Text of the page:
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RE: Namespaces, W3C XML Schema (was Re: ANN: SAX Filters for NamespaceProcessing)
- From: "Bullard, Claude L (Len)" <firstname.lastname@example.org>
- To: Elliotte Rusty Harold <email@example.com>,Xml-Dev <firstname.lastname@example.org>
- Date: Tue, 21 Aug 2001 12:48:12 -0500
Yes. A shovel to the coal pile is always better than
moving it with blackened hands.
So an exercise of some value is to build a schema and find
out just how much validation power it has by exploring and
using ALL of its features. Admittedly,
Schematron assertions add considerable power, and in my
view, are a *common extension* to the current XML Schema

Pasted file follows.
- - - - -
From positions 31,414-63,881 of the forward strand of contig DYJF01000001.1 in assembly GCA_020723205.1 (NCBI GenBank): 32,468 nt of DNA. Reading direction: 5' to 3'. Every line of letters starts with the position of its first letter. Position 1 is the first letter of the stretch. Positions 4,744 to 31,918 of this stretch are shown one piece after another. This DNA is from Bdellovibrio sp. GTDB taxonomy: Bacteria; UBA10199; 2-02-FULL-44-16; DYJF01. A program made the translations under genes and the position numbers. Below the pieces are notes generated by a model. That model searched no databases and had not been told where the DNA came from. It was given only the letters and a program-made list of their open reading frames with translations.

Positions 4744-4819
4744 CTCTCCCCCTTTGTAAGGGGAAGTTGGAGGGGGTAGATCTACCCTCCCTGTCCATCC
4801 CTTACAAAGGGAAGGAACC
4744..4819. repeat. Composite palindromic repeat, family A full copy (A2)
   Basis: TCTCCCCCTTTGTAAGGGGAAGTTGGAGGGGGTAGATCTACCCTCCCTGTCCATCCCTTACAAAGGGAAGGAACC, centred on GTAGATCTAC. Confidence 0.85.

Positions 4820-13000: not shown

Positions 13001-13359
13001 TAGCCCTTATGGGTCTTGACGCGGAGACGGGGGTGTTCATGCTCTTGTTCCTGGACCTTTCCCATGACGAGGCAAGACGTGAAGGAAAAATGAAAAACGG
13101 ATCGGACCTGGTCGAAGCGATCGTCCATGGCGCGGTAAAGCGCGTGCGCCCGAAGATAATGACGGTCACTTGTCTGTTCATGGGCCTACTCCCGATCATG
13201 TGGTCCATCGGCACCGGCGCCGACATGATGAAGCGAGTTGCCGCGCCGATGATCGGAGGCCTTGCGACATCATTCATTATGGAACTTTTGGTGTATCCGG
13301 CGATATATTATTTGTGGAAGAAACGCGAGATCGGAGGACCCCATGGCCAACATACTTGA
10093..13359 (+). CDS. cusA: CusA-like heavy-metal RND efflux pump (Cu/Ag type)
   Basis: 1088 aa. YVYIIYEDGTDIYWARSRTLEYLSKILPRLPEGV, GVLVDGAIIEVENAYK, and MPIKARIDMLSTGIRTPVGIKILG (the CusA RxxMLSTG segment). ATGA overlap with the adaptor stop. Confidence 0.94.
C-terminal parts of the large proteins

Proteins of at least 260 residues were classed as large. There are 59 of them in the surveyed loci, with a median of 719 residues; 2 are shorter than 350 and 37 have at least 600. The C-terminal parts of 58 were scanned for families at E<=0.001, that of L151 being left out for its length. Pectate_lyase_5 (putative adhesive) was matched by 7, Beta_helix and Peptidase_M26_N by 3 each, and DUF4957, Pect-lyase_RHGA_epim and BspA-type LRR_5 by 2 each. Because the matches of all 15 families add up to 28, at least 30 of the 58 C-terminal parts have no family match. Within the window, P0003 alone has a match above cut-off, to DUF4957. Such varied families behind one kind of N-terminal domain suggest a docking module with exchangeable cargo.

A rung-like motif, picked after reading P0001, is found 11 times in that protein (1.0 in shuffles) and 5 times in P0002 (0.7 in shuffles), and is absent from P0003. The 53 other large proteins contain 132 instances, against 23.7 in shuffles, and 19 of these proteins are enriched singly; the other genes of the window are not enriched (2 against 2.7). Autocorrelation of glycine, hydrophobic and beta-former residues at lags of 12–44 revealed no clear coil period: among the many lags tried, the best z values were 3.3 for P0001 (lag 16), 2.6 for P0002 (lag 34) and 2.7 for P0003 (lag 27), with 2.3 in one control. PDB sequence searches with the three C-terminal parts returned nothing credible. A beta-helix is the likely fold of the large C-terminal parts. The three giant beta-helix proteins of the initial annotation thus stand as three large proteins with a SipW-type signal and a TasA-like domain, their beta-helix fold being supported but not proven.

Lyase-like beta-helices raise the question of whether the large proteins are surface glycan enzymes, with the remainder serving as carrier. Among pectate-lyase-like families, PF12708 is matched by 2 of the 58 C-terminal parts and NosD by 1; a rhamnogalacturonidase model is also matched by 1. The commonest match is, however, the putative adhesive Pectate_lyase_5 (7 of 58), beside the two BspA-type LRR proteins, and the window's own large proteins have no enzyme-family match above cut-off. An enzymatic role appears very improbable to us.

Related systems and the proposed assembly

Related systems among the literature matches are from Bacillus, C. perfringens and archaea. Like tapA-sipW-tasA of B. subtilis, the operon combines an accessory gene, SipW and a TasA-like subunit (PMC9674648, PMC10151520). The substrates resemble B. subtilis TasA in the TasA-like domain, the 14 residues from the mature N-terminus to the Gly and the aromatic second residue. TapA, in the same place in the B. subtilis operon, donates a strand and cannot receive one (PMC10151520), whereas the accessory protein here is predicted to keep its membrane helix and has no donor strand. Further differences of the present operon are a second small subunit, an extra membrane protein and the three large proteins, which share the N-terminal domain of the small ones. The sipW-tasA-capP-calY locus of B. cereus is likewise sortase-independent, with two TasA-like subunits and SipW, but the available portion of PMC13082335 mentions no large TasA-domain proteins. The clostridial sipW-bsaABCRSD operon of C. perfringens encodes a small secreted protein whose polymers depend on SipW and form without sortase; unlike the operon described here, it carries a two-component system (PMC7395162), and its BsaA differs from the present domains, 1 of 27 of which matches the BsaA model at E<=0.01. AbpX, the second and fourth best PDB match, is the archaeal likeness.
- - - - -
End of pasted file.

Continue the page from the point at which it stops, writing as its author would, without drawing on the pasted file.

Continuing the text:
Has anyone written a concise description of the limits
of the validation power of XML Schemas, say one that
considers the Schematron assertions? IOW, how many
coals to the shovelfull and and how many shovels full
to fill the bin?
Ekam sat.h, Vipraah bahudhaa vadanti.
Daamyata. Datta. Dayadhvam.h
From: Elliotte Rusty Harold [mailto:email@example.com]
Schemas are not about assigning types to elements. The APIs for that aren't
even invented yet. Schemas are about *validation*. Put another way, schemas
are a declarative language for expressing constraints on XML documents. In
this case, being able to assign different constraints to elements with the
same type in different contexts is crucial.